Canadian Imperial Bank of Commerce faces more than $50-million in potential losses over an alleged fraud at an Ontario-based business that serves trucking companies.
In early December, the bank disclosed that it had set aside $52-million to cover potential losses tied to a single unidentified commercial borrower. CIBC executives said the impairment charge was “fraud-related,” but declined to go into detail.
The Globe and Mail has learned that the client in question was Eagle Travel Plaza, based in Tilbury, Ont., according to court documents and sources familiar with the matter. The Globe is not identifying the sources because they are not authorized to speak publicly about the case.
Eagle operates truck service centres and fuelling stations as well as retail gas stations with fast-food restaurants in Southwestern Ontario. A court-appointed receiver that seized control of the business in September found that the company’s records were in “extreme disarray,” and CIBC has had to act quickly to stem mounting losses and recover as much money as possible, according to court filings.
The nature of the fraud that CIBC has alleged is still unclear, as an Ontario judge sealed much of the court file at the bank’s request. But other major financial institutions are also caught up in the case as creditors, including Bank of Montreal, which claims it is owed at least $27-million. A court has frozen up to $83-million in assets belonging to Eagle’s owners, and CIBC has suggested that it may be owed more than $100-million in total.
“This matter involves a single counterparty and is not indicative of a broader issue,” said CIBC spokesperson Tom Wallis. “We are unable to comment further as the matter is covered by a court-imposed sealing order.”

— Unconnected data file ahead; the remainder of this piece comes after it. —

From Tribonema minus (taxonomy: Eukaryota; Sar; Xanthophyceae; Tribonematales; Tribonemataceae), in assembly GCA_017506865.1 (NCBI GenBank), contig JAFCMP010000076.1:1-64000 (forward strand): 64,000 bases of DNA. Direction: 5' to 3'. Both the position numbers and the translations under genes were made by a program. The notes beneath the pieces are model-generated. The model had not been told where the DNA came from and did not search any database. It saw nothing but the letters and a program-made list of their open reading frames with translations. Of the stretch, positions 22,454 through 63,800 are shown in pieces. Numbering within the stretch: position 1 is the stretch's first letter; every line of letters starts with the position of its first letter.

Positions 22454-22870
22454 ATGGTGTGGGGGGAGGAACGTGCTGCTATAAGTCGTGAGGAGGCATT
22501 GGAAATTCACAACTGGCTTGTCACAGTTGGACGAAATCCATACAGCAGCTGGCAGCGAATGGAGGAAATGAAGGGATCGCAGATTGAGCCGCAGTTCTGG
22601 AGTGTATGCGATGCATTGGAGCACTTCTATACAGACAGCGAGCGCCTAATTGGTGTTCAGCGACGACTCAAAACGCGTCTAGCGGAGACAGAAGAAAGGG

Eagle Travel Plaza is family owned by Simranjit Dhillon, Mandhir Dhillon, Sarbjit Dhillon and Mandeep Dhillon. Its first property, bought in 1990, was the 18 Wheeler Truck Stop in Tilbury, and the business now includes locations in Chatham, Sarnia and Windsor. But the lion’s share of its business came from a fleet member rewards-card program that issued cards to trucking companies, allowing drivers to buy fuel and food on credit at gas stations in Canada and the United States.
Eagle’s fleet card generated about $1.1-million in revenue each day from about 1,300 active members – each member gives cards to numerous truck drivers. A fraction of that was paid back to customers as cash rewards through an ad hoc process that the receiver called “highly irregular and void of oversight, structure and systemization.”
Lawyers for the Dhillons declined to comment, and a message left at a home owned by the family was not returned.
After CIBC won a court order on Sept. 30, 14 staff from receiver BDO Canada Ltd. fanned out to seize properties belonging to the Dhillons. According to BDO, CIBC found evidence that suggests members of the Dhillon family “had been moving funds around in the days leading up to the appointment, prompting the receiver to freeze the family’s accounts.”